Wednesday, March 1, 2023

The Watchmaker's Daughter

The Watchmaker's Daughter by Larry Loftis
3/7/23; 384 pages

The Watchmaker's Daughter: The True Story of World War II Heroine Corrie ten Boom by Larry Loftis is a very highly recommended, moving biography of WWII Dutch resistance member Corrie ten Boom (1892-1983). Many will know her from her bestselling 1971 memoir, The Hiding Place. The Watchmaker's Daughter retells her story and expands on it with many photos, dairies, and letters from people involved.

Before WWII, Corrie worked in her father's shop in Haarlem repairing watches and went on to become a watchmaker herself. From her family she learned early on to rely on her Christian faith in all things and this was put to the test in WWII during the German invasion of the Netherlands. Corrie and her family became a part of the Dutch resistance and transformed their house into a hiding place straight into shelter for Jews and other refugees. This selfless behavior resulted in her and her family being turned in and Corrie and her sister Betsie were sent to Ravensbrück, a concentration camp, where Betsie died.

Corrie was eventually released and, even though she loss most of her family, her faith allowed her to forgive and to move on, providing witness about the Holocaust, and ministered to people in need. Corrie set up rehabilitation centers to support survivors along with others whose lives were effected by the occupation. She was honored as one of the "Righteous Among the Nations" by the Yad Vashem Authority in 1967.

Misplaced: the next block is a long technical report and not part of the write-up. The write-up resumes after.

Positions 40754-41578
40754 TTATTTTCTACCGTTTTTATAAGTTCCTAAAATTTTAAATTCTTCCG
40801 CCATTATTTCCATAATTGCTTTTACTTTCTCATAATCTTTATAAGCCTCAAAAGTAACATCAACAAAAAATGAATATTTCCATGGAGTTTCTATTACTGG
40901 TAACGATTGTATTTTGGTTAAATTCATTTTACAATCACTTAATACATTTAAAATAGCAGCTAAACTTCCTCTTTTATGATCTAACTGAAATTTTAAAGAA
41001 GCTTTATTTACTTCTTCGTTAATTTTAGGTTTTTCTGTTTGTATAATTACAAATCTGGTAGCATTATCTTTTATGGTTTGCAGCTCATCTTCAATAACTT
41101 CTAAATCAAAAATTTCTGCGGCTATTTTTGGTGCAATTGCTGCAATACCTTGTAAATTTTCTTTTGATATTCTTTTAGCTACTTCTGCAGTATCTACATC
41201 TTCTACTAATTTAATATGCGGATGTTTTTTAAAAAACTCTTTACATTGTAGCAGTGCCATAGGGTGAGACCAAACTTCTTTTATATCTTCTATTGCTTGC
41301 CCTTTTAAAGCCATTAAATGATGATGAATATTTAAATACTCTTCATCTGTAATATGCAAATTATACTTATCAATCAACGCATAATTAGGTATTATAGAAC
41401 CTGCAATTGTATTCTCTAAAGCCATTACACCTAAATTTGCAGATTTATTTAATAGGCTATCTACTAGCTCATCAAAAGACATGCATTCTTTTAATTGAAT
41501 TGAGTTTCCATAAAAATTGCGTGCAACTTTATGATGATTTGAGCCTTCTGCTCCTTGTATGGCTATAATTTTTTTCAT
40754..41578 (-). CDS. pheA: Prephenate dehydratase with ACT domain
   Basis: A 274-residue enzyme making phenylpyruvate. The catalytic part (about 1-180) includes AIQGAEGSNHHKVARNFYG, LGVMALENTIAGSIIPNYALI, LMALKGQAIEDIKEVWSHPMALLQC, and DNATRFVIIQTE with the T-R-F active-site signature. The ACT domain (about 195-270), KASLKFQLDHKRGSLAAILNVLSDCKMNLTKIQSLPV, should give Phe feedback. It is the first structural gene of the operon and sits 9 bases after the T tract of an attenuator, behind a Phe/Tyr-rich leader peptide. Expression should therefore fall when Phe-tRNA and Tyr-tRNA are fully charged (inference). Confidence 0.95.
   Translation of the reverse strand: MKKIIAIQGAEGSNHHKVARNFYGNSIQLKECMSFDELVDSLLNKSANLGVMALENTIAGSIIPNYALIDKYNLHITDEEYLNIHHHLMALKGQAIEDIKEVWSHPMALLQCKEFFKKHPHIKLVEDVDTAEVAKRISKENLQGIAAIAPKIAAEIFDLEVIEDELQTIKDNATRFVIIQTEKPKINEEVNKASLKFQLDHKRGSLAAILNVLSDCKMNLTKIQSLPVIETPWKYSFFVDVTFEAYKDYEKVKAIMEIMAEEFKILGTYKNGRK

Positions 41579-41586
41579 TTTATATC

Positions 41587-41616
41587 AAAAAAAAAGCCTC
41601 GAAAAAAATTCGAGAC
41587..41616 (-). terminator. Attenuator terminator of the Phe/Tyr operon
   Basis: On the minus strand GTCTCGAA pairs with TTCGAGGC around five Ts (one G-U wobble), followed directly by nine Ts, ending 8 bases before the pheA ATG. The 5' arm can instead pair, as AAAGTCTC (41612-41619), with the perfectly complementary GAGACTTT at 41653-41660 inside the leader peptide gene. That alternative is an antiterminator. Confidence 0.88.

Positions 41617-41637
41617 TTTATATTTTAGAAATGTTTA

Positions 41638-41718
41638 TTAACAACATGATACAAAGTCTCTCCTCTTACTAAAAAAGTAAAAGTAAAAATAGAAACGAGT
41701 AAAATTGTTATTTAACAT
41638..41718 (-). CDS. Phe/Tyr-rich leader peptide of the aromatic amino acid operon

The Watchmaker's Daughter is a very well-researched, well-written, and thorough portrait of a woman who was a hero. There is included at the end of the book a section called "The Rest of the Story,” which covers the accomplishments of those central to the overall Dutch World War II story and includes picture. There is also an Appendix on refugees who stayed with the ten Booms, Bibliography, Notes, and Index.

Even though I knew the story, I cried as I read The Watchmaker's Daughter and I was glued to the pages as I read Loftis' account of Corrie's life. This is a story of faith and courage, at a great cost, that needs to be brought to the attention of people again.

Disclosure: My review copy was courtesy of HarperCollins via Edelweiss.

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